White Working Class Boys

There has been noise today about the data that suggests that white children are not doing as well as children from ethnic minorities in school. Of course, the reality of this data is that it is white working class boys who are not doing as well in school. And this has been known for some time. It’s a difficult and complex issue to address, tied into a web of biology, culture, gender representation and educational philosophies, but there are some things we really should know about as teachers and parents that might help move some of these issues forward.

I mentioned in a previous post on poverty┬áthe role of hormones on learning – particularly that of cortisol. Cortisol is known as the ‘stress’ hormone for a reason and in short, sharp bursts, it can focus concentration. But over time, children living under constant stress, are significantly impacted. Cortisol affects the immune system, meaning that children living in stressful environments are more likely to suffer illness and miss school. It also affects memory, making learning so much harder. And in boys, who don’t have oxytocin to offset the effects of cortisol on emotions, it makes for less empathy and more social withdrawal. This, in combination with the presence of testosterone makes it more likely that boys under stress will react with aggression and show less empathy towards those they disagree with. A recipe for punishments and exclusions, and indeed, if we look at the figures, boys are far, far more likely than girls to be excluded.

Getting into trouble, being ill and forgetting stuff does not make for effective learning. But surely, one would then say, ALL boys under the stress of poverty would do badly not just the white ones. And when one accounts for class, this is also true. But white boys do worse. So we have to move on to cultural factors too. And this is much trickier without starting to head into the territory of making huge assumptions about different ethnic groups. For example, we might say that women from ethnic communities are more likely to stay at home with their children. But is this true of all ethnic communities? No. And does staying at home make for a better learning environment than high quality EYFS provision? We’d have to surely say “it depends”. We might say that the capacity to speak more than one language strengthens cognitive function and so makes learning easier. But are all children from ethnic backgrounds EAL learners? No. We might say that people who have made the effort to migrate for a better life value education more and are more likely to push their children to make that “better life” a reality. The truth is probably a combination of these and many other factors.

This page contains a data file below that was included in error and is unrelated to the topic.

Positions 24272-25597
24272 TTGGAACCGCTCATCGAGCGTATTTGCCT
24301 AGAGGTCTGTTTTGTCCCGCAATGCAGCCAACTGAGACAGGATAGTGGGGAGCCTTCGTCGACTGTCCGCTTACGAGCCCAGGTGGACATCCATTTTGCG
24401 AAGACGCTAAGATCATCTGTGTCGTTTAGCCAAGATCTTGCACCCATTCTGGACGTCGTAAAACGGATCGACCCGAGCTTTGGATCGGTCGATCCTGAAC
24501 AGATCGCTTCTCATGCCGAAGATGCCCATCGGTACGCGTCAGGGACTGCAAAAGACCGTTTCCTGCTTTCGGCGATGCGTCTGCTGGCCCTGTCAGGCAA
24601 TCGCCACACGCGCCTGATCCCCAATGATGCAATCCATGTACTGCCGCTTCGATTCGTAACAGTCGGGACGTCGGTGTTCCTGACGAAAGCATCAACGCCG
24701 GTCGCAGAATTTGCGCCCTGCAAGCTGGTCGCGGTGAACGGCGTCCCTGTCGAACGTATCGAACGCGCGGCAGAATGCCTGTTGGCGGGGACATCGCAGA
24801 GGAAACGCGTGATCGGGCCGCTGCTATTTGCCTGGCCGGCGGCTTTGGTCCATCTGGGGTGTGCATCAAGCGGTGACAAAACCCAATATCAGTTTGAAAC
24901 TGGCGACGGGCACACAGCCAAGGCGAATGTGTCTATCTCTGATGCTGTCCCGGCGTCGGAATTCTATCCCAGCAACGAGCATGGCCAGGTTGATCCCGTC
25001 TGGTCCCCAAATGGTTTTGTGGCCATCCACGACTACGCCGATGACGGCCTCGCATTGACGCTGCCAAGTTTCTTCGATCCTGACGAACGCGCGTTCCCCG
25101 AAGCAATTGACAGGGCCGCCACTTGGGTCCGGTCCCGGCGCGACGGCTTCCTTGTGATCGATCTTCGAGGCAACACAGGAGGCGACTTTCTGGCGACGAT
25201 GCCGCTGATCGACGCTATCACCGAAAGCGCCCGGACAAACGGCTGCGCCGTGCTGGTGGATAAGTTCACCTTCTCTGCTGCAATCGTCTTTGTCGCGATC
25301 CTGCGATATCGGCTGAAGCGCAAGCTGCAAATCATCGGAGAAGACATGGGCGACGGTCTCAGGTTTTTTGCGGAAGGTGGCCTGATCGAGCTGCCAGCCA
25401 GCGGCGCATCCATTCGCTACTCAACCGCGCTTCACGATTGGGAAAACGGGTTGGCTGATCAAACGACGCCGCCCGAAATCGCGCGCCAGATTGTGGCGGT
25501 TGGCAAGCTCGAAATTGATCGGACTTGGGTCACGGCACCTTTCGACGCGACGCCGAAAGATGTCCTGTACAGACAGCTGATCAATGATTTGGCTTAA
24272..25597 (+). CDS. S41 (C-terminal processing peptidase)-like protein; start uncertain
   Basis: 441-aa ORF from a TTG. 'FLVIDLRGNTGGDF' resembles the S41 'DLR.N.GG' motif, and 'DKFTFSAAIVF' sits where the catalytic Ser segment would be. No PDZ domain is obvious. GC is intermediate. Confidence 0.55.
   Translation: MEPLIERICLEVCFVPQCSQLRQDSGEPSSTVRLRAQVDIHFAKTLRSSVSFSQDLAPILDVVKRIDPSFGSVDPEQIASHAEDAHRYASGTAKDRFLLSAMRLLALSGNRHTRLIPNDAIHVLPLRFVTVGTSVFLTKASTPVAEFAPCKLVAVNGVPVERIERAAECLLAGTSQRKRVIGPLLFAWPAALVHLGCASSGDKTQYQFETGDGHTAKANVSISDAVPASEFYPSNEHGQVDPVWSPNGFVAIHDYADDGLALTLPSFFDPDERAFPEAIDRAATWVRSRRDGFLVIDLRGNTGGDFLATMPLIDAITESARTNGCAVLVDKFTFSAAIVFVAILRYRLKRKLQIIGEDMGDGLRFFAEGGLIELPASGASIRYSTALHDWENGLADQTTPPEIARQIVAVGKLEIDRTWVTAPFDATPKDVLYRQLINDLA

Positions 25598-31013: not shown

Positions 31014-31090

And there is also diet – something we hugely underestimate when it comes to learning. White working class children are more likely to consume a high sugar diet with processed carbohydrates than those eating Mediterranean, Asian or African foods at home. And those foods inhibit concentration considerably when there is no opportunity to burn off the energy they produce. Is it possible that diet might impact? What about access to alcohol? Are white working class boys more likely to drink, smoke, take drugs? Why?

I don’t have answers. I’m asking questions. But the point is that this is a hugely complex issue. None of which will be remotely addressed by switching all schools to academy status, bringing textbooks into the classroom or having zero tolerance discipline policies. All that will do is lead to more exclusions for this most vulnerable of groups.

We must stop using data to feed a failure narrative that focuses on a narrow spectrum of society. Education is a factor not THE factor. An integrated approach to health, wealth, access to cultural and artistic experiences, diet, attitudes and gender representations is required if we’re really going to impact on this group of kids. Anything less is an abdication of responsibility.